Definition: The yield spread, also known as the credit spread, is the difference between the yields of two investments in terms of credit quality and the risk of investing in one debt instrument instead of another instrument.
What Does Yield Spread Mean?
What is the definition of yield spread? The yield spread is measured in basis points (bps) and enables bond investors to compare the yield, maturity, liquidity and solvency of two debt instruments. For instance, the yield of a municipal bond is 7.50%, and the yield of a corporate bond is 8.50%.
The difference between the two yields is: 8.50% – 7.50% = 1% or 100 basis points (one basis point = 0.01%). However, a corporate bond is riskier and has a shorter maturity that a municipal bond. All these factors are taken into consideration when comparing one security over another using the yield spread.
Let’s look at an example.
An investor holds a diversified bond portfolio and wants to calculate the yield spread between similar bonds. He constructs the following table to calculate the yield spread:
The yield on the 5-year Treasury bond is 5.25% while the yield on the 25-year Treasury bond is 6.25%. The yield spread between the two comparable debt instruments is 100 basis points. Considering the historical yield spread of 85 bps, the 5-year Treasury bond should yield 4.40%; therefore, its current yield of 5.25% is higher.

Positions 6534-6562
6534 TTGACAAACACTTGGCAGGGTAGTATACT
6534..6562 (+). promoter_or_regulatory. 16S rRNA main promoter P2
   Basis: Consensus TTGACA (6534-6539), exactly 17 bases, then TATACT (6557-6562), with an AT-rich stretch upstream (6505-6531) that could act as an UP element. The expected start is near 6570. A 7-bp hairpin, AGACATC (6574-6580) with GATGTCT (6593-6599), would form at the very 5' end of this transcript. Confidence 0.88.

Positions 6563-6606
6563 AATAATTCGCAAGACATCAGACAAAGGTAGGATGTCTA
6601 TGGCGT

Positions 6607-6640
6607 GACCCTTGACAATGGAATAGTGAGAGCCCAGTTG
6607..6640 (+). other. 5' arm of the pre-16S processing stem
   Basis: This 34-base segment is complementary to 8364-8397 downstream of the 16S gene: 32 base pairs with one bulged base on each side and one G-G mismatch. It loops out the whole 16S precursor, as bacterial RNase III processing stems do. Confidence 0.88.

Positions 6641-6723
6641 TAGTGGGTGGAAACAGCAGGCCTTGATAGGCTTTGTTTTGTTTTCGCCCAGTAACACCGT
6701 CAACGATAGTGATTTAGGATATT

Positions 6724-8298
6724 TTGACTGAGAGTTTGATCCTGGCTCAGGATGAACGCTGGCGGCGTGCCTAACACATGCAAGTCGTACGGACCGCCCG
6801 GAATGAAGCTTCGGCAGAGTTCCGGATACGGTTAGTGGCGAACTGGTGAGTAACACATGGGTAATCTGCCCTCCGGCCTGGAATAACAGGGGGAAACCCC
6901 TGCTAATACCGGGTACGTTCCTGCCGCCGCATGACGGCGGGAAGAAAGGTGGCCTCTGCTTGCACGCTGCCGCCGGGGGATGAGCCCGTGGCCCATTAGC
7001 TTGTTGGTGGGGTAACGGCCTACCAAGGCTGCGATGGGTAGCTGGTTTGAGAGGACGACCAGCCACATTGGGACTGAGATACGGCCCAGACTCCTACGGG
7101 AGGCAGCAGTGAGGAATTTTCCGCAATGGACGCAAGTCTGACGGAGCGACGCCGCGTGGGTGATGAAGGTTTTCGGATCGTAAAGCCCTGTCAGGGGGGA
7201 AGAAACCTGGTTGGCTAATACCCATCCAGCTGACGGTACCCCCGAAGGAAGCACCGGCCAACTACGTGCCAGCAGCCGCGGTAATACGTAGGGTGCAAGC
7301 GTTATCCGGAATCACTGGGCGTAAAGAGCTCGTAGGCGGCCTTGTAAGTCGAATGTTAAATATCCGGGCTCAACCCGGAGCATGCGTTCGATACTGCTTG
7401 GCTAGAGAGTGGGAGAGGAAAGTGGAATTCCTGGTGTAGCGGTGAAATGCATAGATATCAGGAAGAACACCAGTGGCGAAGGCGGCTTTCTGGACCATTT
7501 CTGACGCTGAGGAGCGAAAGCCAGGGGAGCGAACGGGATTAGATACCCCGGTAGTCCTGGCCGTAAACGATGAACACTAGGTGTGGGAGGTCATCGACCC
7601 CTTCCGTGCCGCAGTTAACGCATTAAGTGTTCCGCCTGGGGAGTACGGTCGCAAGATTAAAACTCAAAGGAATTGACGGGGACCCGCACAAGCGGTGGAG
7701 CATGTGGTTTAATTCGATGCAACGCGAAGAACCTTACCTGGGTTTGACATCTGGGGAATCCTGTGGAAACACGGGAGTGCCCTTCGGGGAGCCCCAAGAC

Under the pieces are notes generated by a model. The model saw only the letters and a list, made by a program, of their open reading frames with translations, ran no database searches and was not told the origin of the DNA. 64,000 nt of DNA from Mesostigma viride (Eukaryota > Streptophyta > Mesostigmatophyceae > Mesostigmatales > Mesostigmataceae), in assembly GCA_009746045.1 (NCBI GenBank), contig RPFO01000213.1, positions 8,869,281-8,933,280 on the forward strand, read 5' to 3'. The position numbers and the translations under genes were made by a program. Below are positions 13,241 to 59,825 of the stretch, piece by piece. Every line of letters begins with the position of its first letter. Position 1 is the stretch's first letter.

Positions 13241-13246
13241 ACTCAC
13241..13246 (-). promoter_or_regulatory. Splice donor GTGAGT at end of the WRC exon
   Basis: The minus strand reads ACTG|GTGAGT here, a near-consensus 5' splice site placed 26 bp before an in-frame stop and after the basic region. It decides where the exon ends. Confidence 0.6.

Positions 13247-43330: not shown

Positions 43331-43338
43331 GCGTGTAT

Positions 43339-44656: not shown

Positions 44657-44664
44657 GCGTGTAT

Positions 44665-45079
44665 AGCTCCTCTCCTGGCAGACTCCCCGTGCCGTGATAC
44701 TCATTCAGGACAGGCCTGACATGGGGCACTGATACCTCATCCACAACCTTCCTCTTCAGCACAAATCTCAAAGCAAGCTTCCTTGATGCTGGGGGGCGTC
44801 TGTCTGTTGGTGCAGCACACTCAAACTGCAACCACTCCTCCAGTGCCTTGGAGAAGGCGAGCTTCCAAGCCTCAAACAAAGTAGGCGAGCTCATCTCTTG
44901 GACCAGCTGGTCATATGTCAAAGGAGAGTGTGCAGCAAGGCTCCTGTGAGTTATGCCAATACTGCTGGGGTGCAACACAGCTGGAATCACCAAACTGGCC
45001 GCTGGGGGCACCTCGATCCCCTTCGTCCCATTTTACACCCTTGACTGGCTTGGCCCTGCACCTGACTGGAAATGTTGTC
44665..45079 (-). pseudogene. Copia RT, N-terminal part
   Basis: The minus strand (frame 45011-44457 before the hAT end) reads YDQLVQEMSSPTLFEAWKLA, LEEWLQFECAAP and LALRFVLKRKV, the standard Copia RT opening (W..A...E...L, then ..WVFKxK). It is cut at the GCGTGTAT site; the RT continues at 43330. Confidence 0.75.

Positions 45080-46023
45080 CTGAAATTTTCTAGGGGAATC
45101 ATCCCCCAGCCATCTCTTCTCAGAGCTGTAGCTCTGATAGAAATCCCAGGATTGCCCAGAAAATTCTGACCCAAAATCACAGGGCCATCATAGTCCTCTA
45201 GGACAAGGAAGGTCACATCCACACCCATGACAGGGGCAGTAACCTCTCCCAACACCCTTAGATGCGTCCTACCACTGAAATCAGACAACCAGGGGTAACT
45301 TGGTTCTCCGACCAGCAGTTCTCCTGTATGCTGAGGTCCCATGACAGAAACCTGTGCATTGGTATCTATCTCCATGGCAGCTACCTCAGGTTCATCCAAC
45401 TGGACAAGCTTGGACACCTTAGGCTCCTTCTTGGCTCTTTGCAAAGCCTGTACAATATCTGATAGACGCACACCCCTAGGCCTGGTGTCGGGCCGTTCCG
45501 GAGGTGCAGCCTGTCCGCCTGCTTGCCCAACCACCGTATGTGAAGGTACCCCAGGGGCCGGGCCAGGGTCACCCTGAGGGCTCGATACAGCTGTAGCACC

Generally, the goal of an investor is to compare current yields while considering the historical yield spread to determine the relationship between different debt instruments. Given the table above, the corporate bonds are trading higher than all other types of bonds in this portfolio, meaning that technology corporate bonds are riskier than other types of bonds. On the other hand, the spread between the current yield spread and the historical yield spread is only 190 bps, which means that investors today believe that technology bonds are not as risky as their historical yield spread implies.
Define Yield Spread: Yield spread is the difference between two debt instruments’ yields when each have different maturities, credit ratings, and risk.